Last updated on April 19, 2014 at 7:50 EDT

Gray Wolves Face an Uncertain Future

February 22, 2008

Following a 13 year restoration effort, 1,500 Gray wolves now inhabit the Northern Rocky Mountain states of Idaho, Montana and Wyoming, and federal authorities say the wolves will now be removed from the official endangered species list.  

Gray wolves were almost completely exterminated in the United States a hundred years ago, and the successful restoration represents a dramatic turnaround for the animals.

“Gray wolves in the Northern Rocky Mountains are thriving and no longer require the protection of the Endangered Species Act,” said Interior Deputy Secretary Lynn Scarlett in an Associated Press report. “The wolf’s recovery in the Northern Rocky Mountains is a conservation success story.”

The conservation efforts have been unpopular with ranchers and many others in the region since the program began over ten years ago.  Even today some state officials would like to see the Gray wolf population significantly reduced, and plan to allow hunters to target the wolves as early as this fall.

Environmental groups critical of such hunts say the government should be moving in the opposite direction, instead restoring wolves to areas where they are not now found.  Some of the groups plan to sue to block the wolves’ delisting from the endangered species list and to reinstate federal protections for the animals.

The wolves will be formally removed from the endangered species list 30 days after the federal government’s decision is published in the Federal Register, which is expected next week.

“The enduring hostility to wolves still exists,” said Doug Honnold, an attorney for Earthjustice, who is preparing the lawsuit.  “We’re going to have hundreds of wolves killed under state management. It’s a sad day for our wolves,” he told Associated Press.

Federal officials said plans submitted by the three states indicate they would likely keep between 900 and 1,250 wolves for the foreseeable future.

As the wolves expand into new areas they have increasingly preyed upon livestock.   Ranchers and wildlife agents have made more wolf kills in response to these livestock conflicts, a practice allowed under the Endangered Species Act.

Wildlife agencies in Idaho, Montana and Wyoming have already begun crafting rules for wolf hunts. Officials say the hunts will be similar to those for other big game species such as mountain lions and black bears.

In Montana, state wildlife commissioners adopted regulations this week for a hunt to begin this fall. Idaho also is looking at a fall hunt, and Wyoming plans to complete its plans in the next few months.

Limits on how many wolves can be killed in each state have not been set, and public hunting could significantly decrease the size of the wolf’s range, reducing chances that the wolves would spread to neighboring states such as Utah, Colorado, Oregon and Washington.

724 wolves have been killed legally during the past 20 years, with about the same number killed illegally by poachers, although the total wolf population has been growing at 24 percent each year.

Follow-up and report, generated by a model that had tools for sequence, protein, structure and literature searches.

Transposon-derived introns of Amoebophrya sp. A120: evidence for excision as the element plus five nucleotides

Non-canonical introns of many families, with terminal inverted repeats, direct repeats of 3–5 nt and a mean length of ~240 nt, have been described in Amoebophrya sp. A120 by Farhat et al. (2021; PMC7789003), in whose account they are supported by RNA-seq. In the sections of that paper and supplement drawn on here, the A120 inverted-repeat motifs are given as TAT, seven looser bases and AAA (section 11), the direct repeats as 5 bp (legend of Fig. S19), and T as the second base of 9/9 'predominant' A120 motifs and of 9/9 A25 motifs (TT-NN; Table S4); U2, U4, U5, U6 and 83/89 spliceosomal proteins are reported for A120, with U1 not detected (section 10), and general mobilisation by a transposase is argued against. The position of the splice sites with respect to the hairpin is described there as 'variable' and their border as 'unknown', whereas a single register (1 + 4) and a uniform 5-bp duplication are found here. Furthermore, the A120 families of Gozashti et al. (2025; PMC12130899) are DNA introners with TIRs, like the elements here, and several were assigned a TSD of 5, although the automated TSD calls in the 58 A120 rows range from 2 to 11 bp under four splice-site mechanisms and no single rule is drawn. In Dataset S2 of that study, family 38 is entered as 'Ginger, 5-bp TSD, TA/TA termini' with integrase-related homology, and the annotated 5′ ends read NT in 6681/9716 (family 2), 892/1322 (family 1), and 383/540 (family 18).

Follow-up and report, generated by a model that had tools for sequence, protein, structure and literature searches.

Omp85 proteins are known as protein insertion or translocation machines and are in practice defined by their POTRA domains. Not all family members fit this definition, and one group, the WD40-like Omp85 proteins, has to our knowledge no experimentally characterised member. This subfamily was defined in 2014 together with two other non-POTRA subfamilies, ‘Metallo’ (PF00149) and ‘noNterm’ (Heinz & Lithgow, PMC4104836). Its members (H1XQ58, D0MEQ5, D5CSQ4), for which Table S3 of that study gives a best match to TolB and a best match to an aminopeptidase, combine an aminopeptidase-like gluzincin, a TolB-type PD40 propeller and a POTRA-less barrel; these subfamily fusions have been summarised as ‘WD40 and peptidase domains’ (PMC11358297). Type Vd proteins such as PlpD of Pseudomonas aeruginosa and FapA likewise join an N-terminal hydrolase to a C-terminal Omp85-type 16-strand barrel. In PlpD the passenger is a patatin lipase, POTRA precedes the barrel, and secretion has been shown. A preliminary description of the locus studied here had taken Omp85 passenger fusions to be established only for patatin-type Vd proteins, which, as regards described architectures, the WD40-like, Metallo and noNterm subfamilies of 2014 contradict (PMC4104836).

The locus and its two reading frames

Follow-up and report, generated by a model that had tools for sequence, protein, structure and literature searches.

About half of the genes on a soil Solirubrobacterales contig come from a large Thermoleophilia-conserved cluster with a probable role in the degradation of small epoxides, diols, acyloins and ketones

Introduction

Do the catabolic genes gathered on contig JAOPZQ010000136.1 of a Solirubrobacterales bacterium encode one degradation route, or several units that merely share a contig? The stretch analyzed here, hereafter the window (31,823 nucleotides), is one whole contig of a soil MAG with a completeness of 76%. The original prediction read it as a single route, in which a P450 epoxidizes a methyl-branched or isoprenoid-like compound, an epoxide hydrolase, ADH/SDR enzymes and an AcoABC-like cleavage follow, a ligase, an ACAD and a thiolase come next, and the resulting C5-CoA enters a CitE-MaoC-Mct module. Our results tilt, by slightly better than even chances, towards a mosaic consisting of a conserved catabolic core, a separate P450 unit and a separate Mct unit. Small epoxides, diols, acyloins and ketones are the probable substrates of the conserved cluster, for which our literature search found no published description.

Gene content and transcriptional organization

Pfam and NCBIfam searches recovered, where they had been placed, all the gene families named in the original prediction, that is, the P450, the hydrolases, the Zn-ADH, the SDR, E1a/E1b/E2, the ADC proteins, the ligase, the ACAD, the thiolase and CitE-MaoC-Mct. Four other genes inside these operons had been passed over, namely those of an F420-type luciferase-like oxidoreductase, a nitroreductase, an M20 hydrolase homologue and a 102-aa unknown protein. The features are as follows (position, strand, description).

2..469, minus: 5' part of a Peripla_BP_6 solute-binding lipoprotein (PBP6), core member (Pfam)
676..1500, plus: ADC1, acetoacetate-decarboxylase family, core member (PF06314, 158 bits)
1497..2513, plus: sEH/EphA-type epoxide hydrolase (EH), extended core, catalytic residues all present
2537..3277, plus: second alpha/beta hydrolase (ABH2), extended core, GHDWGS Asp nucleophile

Ed Bangs, a biologist with the U.S. Fish and Wildlife Service who led the wolf recovery effort, said in an Associated Press report, “We’ve been managing wolves pretty aggressively for livestock problems, but there are still a ton of wolves over a big area.”
The wolf was almost eradicated in the Western U.S. through a 1930s government program that involved widespread poisoning of wolves.   50 years later, the wolves occupied just 200 square miles of land around Glacier National Park near the Canadian border in Montana.   The wolves were listed as endangered in 1974, and the government has spent over $27 million on restoration throughout the Northern Rocky Mountain region.

In the mid-1990s, the government reintroduced 66 wolves to Yellowstone National Park and central Idaho.  Since that time the wolf  population has grown rapidly, and the animals now inhabit 113,000 square miles, according to Bangs.

The only other areas within the lower 48 states where gray wolves live are the western Great Lakes region and the Southwest. 

Last year, 4,000 wolves in Michigan, Minnesota and Wisconsin were removed from the endangered list last year.  But a reintroduced population of dozens of wolves in New Mexico and Arizona is still struggling to increase. 

On Wednesday, the organizations Defenders of Wildlife and the Natural Resource Defense Council filed a petition with the Department of Interior arguing that new wolf populations should be established in Maine, New York, Oregon, Colorado, Utah, Washington and possibly New Hampshire, Texas and portions of the mid-Atlantic region.

However, the next day federal officials said there were no immediate plans to reintroduce wolves into any other states or regions.

Daniel Pletscher, an independent wolf biologist and director of University of Montana’s wildlife biology program, told associated press would be “shocked” if the wolves end up on the endangered list again.   He explained that tolerance of wolves has grown immeasurably since the species was nearly exterminated.

“The last thing any of the states want is for wolves to be re-listed by the federal government,” he said.